Friday, 4 September 2020

Mulan (Movie Review)

A part of me is still kinda miffed that I didn't get to see Mulan in theaters. This was considering how close I had come to doing so, just before Nigerian cinemas got shutdown in early March. I mean, the movie had already had its Hollywood premiere and the cinemas I visited had standees and posters for the film everywhere you look. But alas, it wasn't meant to be, and we'd end up having to wait more than 6 months for a chance to see it again.

That wait is finally over, and the film is now streaming exclusively (read: legally) on Disney+. It comes with an additional $30 admissions fee though, and the question on many people's lips right now is whether or not it is actually worth that additional $30. My short answer is a resounding yes, but what follows is my case for why Mulan is one of the better Disney live-action adaptations we've gotten thus far.

The movie stars Liu Yifei as Mulan, a young woman with very powerful chi that manifests in the form of acrobatic grace and exceptional fighting skills. Groomed by her father (Tzi Ma) in the ways of a warrior from a very young age, she has a hard time conforming to the expectations of her village and family. But when the empire is threatened by an army of Rouran invaders, the emperor (Jet Li) decrees that all families must supply one man to fight in an army of their own.

The problem is her family is without any men of fighting age, and her father, although a former solider, is well passed his prime. He accepts the emperor's call all the same, not wanting to bring dishonor to their family name. But before he is shipped off to join the army the following day, Mulan wakes up early, stealing his sword and armor with the intent of taking his place by pretending to be a man herself. Now she must hope she doesn't get discovered, while trying to bring honor to their family name.

I'll be the first to admit that there seems to be something lost in Mulan's transition from theaters to streaming. I'm of course referring to the overall quality of the viewing experience, not the quality of the film itself. A part of me longs for an opportunity to see all these sweeping shots of ancient countrysides, and carefully-choreographed fights scenes and epic battles, on a theater screen where they belong. A home cinema setup just can't replicate the sheer scale of an IMAX screen, or the booming speakers of an auditorium, no matter how sweet that setup may seem.

As for the film itself, this version is more than serviceable, depending on your familiarity with the material being covered. Most of the fantastical elements the original was known for is gone though, as well as all of its songs, but I feel this is a stylistic choice that really works in this version's favor. Sure, you could argue that those very things were the heart and soul of the original film, but they would have undoubtedly held back the filmmakers from achieving what they've been able to achieve here. Sorry Mushu fans.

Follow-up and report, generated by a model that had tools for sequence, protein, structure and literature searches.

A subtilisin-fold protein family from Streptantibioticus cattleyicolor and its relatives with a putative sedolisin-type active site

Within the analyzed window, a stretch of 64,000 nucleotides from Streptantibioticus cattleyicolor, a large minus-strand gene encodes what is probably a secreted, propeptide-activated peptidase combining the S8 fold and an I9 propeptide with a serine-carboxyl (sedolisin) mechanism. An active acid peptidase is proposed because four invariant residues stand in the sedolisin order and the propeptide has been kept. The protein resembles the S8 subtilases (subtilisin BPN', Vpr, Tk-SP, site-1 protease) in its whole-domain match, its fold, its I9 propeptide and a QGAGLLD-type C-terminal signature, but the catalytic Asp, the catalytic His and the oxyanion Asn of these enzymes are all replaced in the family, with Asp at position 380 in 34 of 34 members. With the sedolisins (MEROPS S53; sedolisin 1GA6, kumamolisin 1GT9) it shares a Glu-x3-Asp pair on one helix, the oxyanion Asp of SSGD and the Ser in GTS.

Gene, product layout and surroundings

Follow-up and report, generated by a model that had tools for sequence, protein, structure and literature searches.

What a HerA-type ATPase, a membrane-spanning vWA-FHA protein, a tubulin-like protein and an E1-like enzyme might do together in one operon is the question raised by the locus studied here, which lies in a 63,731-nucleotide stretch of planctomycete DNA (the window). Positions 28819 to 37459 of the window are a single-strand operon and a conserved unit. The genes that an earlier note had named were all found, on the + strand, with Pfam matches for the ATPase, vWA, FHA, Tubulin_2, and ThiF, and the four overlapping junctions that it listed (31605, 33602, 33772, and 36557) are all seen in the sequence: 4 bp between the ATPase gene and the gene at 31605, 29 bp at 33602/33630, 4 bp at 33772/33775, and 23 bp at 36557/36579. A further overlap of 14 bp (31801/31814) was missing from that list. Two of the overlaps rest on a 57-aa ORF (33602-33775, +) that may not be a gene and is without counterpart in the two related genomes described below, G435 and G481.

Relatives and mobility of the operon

It's a shame that things turned out the way they did, with the coronavirus throwing a wrench in Mulan's original distribution plans. Because I could easily see the move making upwards of a billion dollars at the global box office, much like The Lion King and Aladdin before it. It would've played especially well in China and with Chinese audiences, with its heavy focus on Chinese folklore and its topnotch Asian cast. Not to mention all that kickass martial arts and wire stunts. The movie boasts the kind of spectacle you would expect from a full-blown Asian production, and I think this live-action version will appeal to fans of Asian cinema, and fans of action adventure stories in general. Is it as great as the 1998 animated version? No. But that doesn't make it any less great in its own right.

The movie will be getting a theatrical release in countries without Disney+, which includes China, so I am still curious to see how it would perform when it opens over there next weekend. And with our local cinemas also finally getting the go ahead to reopen after all these months, it looks like there is light at the end of the tunnel after all.

3 comments:

  1. It is sad it went straight to Disney+. I'm guessing the thirty dollar price tag is the cost of a family of four, but seeing as my wife and I would've caught an early show and spent less than twenty, it's too much.
    This one I'm actually looking forward to seeing (when it's cheaper) as I thought the other live actions were just cash grabs and this one looks better than the animate film, which I thought was just all right. With the fight scenes and the scenery, I'm sure it's amazing.

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    1. I wasn't too keen on the 1998 version either, even though I'll admit it is still the superior of the two films. This one felt different enough to me though, unlike The Lion King, which was almost shot-for-shot.

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